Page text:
Starting on the idiosyncratic side: it was uncanny to realize this was a companion game to The Dead Account, which I’d played much earlier in the Comp – the main cast of Weird Grief are the friend and family group of the holder of the eponymous dead account in the previous game. I suspect this is the reverse of the ideal order, since Weird Grief is first in time and it also fleshes out the characters who show up only as screen-names in The Dead Account. Oddly, Weird Grief doesn’t go into as much detail on what exactly happened to Mike, the dead person, withholding information in a way that didn’t have much payoff for me. I suspect linking the games more explicitly, either by suggesting an intended order, integrating them into the same file, or shifting the way information is presented to provide analogous exposition no matter which is done first (though of course that would be hard!), might have been a good choice.
The other idiosyncracy in my response is that I’m unfamiliar with the subculture that takes center stage here – the protagonist is a furry who’s in a polyamorous relationship with the dead man and his widower – which is fine, but I sometimes felt at sea when trying to understand the norms around the relationship. Juniper, the main character, lives in a different city from Mike and Roger (the widower), and an invitation to move in is treated as a big deal, making it seem like the connection was relatively new or less formal. But she’s also specifically called out as their “third” at the funeral, putting her on a different level from another character who’s also present and had been a sexual partner for the couple.
My confusion about Juniper’s role and expectations tied in with the way she’s written. I didn’t find that she had a lot of interiority, or had a lot of direct feelings about Mike’s death (beyond a single admittedly-heartwarming anecdote that’s told a couple different times, and several reminiscences about sex). Partially this is the nature of protagonists in choice-based games, where room is generally made for the player to put their own stamp on the character. But here, this meant Juniper felt primarily like a lens for Roger’s grief.
This focus extends to the sex scenes – as the blurb warns, they’re here and they’re quite explicit. This sort of thing isn’t exactly my cup of tea, and I have to say that when I’ve experienced deep, soul-crushing grief, sex has been pretty far from my mind so there wasn’t much personal resonance. But I can see how for these folks, sex would be a source of comfort and bonding in a hard time, and definitely understand the artistic imperative not to draw a curtain over what goes on between the three character. Anyway putting all that aside, I felt like Juniper was sidelined in favor of Roger in these sequences too: in the first one, I don’t think she has an orgasm, and in the second, she’s more viewer than participant as the other two characters have sex. I assume this is intentional, and meant to reflect something about Juniper’s relationship with Roger, but once again my takeaway was that Juniper’s subjective experience was secondary to the piece, which feels like a missed opportunity given that she’s our viewpoint character.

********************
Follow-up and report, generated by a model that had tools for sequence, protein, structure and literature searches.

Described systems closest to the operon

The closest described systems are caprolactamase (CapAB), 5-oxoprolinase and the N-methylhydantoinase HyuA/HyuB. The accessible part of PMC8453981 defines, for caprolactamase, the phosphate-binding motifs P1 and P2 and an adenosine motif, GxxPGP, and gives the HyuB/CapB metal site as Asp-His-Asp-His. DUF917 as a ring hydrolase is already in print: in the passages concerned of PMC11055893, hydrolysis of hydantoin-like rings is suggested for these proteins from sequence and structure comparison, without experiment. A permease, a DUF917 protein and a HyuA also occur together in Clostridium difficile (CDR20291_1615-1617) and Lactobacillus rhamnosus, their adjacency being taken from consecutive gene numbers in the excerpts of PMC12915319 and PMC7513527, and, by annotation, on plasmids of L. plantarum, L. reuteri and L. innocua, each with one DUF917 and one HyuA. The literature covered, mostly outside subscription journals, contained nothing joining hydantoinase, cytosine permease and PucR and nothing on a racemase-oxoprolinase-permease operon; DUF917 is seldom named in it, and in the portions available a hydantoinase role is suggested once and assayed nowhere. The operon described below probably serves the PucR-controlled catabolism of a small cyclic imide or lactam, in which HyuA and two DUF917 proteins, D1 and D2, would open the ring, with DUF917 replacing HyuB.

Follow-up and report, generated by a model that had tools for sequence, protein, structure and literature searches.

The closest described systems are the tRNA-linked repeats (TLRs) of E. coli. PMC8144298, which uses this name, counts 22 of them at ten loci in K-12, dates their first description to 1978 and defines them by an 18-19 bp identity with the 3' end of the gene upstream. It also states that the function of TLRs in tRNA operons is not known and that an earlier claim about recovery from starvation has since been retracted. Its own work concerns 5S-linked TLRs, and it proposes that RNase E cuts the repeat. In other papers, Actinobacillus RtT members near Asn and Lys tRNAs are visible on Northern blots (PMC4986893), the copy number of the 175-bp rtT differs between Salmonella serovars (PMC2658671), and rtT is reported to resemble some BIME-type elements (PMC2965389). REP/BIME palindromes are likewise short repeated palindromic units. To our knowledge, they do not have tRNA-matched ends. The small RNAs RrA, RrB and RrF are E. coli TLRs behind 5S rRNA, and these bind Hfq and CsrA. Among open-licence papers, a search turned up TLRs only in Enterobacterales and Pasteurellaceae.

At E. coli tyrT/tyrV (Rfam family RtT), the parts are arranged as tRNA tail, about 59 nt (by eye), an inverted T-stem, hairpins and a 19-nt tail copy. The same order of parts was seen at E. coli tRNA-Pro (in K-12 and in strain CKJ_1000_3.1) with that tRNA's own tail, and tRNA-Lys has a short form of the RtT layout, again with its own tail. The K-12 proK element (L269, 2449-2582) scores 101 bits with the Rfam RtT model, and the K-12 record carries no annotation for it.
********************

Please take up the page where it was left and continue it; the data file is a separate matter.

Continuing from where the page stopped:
The writing is strong throughout – the dialogue rings true, and I liked the focus on the logistics of the grieving period, albeit these folks ate too much fast food (there are lots of typos though, including one “double click passage to edit” error and an awkwardly double-nested parenthetical). And while there are few choices, they feel reasonably impactful. So the supporting pieces are all strong enough – I just wanted Juniper, structurally the center of the piece, to loom a little larger in the story.
Highlight: The characters are all winning, with Tammy, Mike’s sister, especially came through as a positive presence.
Lowlight: once again I played this choice-based game with Henry napping on me, but due to text size and other formatting issues it required a lot of scrolling when reading in portrait mode (I was going to say it’s hard to play one-handed, but that could be misinterpreted!)
How I failed the author: As I said above, this milieu is pretty foreign to my experience so I worry I’m missing, or misinterpreted, many of the social cues or other indications of relationship dynamics.
|Ascension of Limbs, by AKheon|
Average member rating: (20 ratings)
You are an antique store proprietor trying to make ends meet. Use your wits, manage your resources, play the hand you are dealt. This game features a story with multiple endings, achievements as well as an unique style of gameplay that...
|Kerkerkruip, by Victor Gijsbers|
Average member rating: (62 ratings)
Kerkerkruip is a short-form roguelike in the interactive fiction medium, featuring meaningful tactical and strategic depth, innovative game play, zero grinding, and a sword & sorcery setting that does not rehash tired clichés.
|A Single Ouroboros Scale, by Naomi Norbez|
Average member rating: (9 ratings)
Algie was a Twine developer. Now he’s gone, but one of his online remnants is in your hands. (One last game, for now or forever. Time will decide which one.)